Dementia's jester: the Phantasmagoria in metaphor and aesthetics from 1700-1900

Small, Douglas Robert John (2013) Dementia's jester: the Phantasmagoria in metaphor and aesthetics from 1700-1900. PhD thesis, University of Glasgow.

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Abstract

In 1792, the inventor and illusionist Paul Philidor unveiled the ‘Phantasmagoria’ to the people of Paris. Coined by combining the Greek words ‘phantasma’ (appearance, vision, ghost) and ‘agora’ (assembly), Philidor had intended the name to suggest a vast crowd of the undead, a riotous carnival of phantoms. He promised his audience that, using the projections of a magic lantern and other ingenious mechanical devices, he would show them the illusory shapes of ghosts and monsters, reunite lovers separated by death, and call fiends out of hell. However, this exhibition of illusory spectres was to become something far more than a mere footnote in the history of Romantic popular entertainment. The Phantasmagoria was to assume a metaphorical function in the mindscape of the period; this cavalcade of spectres was to come to serve as an image for not only the fantastic terrors of dreams and hallucinations, but also for the unbounded creative power of the imagination. Besides this, the metaphor of the phantasmagoria was to subsume into itself an idea which had its origin in the ‘Curiosity Culture’ of the previous century: the curious collection. As time wore on, this Curious – or Phantasmagorical – collection became a symbol by which writers of the late Nineteenth Century could signal their resistance to bourgeois conformity and their own paradoxical celebration and rejection of consumer culture. This work examines the evolution of the Phantasmagoria metaphor as well as the development of its associated aesthetic: the aesthetic of the curious collection – the collection of weird and fabulous objects that astonishes the senses and confuses the mind, erasing the boundaries between reality and fantasy.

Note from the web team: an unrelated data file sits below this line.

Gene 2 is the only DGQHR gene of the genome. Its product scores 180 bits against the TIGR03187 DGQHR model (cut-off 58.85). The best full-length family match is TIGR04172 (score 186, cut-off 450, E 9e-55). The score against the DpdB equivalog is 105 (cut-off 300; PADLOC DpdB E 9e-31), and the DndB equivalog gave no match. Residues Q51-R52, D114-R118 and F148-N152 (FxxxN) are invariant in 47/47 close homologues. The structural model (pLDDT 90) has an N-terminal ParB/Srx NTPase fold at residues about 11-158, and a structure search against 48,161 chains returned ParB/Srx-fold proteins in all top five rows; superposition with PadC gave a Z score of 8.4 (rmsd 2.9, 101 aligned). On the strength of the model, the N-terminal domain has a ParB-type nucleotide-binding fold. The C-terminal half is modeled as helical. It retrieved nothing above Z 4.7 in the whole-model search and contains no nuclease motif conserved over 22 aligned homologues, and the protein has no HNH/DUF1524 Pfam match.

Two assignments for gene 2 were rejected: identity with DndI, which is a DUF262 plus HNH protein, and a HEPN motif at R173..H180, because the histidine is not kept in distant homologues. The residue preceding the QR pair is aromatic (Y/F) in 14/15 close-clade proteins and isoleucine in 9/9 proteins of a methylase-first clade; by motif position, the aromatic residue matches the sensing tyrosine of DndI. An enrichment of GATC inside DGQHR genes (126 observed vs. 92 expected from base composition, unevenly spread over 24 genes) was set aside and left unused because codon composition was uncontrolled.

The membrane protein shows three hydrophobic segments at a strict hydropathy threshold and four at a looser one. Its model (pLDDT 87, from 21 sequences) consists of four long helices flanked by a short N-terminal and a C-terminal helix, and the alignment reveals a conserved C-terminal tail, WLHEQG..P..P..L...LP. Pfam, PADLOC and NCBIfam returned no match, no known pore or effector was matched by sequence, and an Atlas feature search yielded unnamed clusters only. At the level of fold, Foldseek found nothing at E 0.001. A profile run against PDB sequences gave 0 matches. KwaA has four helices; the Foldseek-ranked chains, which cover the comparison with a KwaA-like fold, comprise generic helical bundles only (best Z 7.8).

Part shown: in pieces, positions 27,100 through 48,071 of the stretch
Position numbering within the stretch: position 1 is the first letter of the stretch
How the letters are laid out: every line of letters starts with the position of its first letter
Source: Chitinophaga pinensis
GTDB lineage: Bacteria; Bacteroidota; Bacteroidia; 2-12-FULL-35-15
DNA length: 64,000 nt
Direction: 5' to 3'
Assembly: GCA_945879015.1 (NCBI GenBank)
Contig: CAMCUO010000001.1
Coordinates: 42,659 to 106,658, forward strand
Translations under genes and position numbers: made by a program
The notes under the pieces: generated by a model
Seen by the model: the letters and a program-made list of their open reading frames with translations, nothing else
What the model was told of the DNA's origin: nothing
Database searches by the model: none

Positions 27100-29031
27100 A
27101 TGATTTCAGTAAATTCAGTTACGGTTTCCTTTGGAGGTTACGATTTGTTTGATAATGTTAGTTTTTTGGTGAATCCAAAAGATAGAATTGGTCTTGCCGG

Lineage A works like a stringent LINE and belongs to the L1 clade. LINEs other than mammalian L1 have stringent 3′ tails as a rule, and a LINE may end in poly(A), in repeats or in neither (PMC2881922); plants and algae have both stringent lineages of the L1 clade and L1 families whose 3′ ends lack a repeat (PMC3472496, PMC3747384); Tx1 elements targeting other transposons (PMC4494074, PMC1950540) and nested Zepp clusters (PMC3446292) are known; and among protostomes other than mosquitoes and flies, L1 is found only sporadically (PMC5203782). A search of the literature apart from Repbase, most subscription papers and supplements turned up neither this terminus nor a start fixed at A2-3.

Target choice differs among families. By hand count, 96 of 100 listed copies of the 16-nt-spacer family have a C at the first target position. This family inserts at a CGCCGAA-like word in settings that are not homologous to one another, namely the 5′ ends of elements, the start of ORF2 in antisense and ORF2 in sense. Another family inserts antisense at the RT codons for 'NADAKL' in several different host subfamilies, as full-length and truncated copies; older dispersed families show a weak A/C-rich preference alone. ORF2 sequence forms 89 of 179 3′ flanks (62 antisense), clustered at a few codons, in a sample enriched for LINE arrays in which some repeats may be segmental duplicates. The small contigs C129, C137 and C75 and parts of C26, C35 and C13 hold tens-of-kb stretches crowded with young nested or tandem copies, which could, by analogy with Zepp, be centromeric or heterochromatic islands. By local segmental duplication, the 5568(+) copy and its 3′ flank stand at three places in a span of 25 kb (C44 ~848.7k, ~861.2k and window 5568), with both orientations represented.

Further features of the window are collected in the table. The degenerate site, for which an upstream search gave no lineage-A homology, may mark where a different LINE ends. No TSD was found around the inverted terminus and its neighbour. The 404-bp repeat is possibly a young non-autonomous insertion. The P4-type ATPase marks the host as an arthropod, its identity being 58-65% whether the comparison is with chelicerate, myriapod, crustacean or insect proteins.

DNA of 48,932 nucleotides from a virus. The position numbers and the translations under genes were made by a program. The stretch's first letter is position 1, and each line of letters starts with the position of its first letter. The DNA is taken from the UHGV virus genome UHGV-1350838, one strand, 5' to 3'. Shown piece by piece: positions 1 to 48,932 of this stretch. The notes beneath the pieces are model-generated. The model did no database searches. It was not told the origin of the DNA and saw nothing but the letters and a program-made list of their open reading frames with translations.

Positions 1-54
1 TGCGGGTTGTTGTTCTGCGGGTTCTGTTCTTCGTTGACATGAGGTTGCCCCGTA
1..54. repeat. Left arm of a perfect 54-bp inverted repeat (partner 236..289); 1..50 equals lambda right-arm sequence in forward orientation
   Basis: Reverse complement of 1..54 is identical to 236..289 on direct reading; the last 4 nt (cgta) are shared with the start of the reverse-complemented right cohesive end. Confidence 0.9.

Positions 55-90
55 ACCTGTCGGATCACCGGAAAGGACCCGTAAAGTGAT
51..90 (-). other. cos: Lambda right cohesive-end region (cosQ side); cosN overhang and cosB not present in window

Item Type: Thesis (PhD)
Qualification Level: Doctoral
Keywords: English literature – 18th Century – history and criticism, English literature – 19th Century – history and criticism, Phantasmagoria (history and literature), curiosity in literature, Fin-de-siècle (literature), consumerism, collections and collecting in literature, supernatural in literature
Subjects: P Language and Literature > PR English literature
Colleges/Schools: College of Arts > School of Critical Studies > English Literature
Funder's Name: UNSPECIFIED
Supervisor's Name: Maslen, Dr. Robert and Leask, Prof. Nigel
Date of Award: 2013
Depositing User: Dr Douglas R. J. Small
Unique ID: glathesis:2013-4212
Copyright: Copyright of this thesis is held by the author.
Date Deposited: 29 Apr 2013 13:26
Last Modified: 28 Apr 2016 15:33
URI: http://theses.gla.ac.uk/id/eprint/4212

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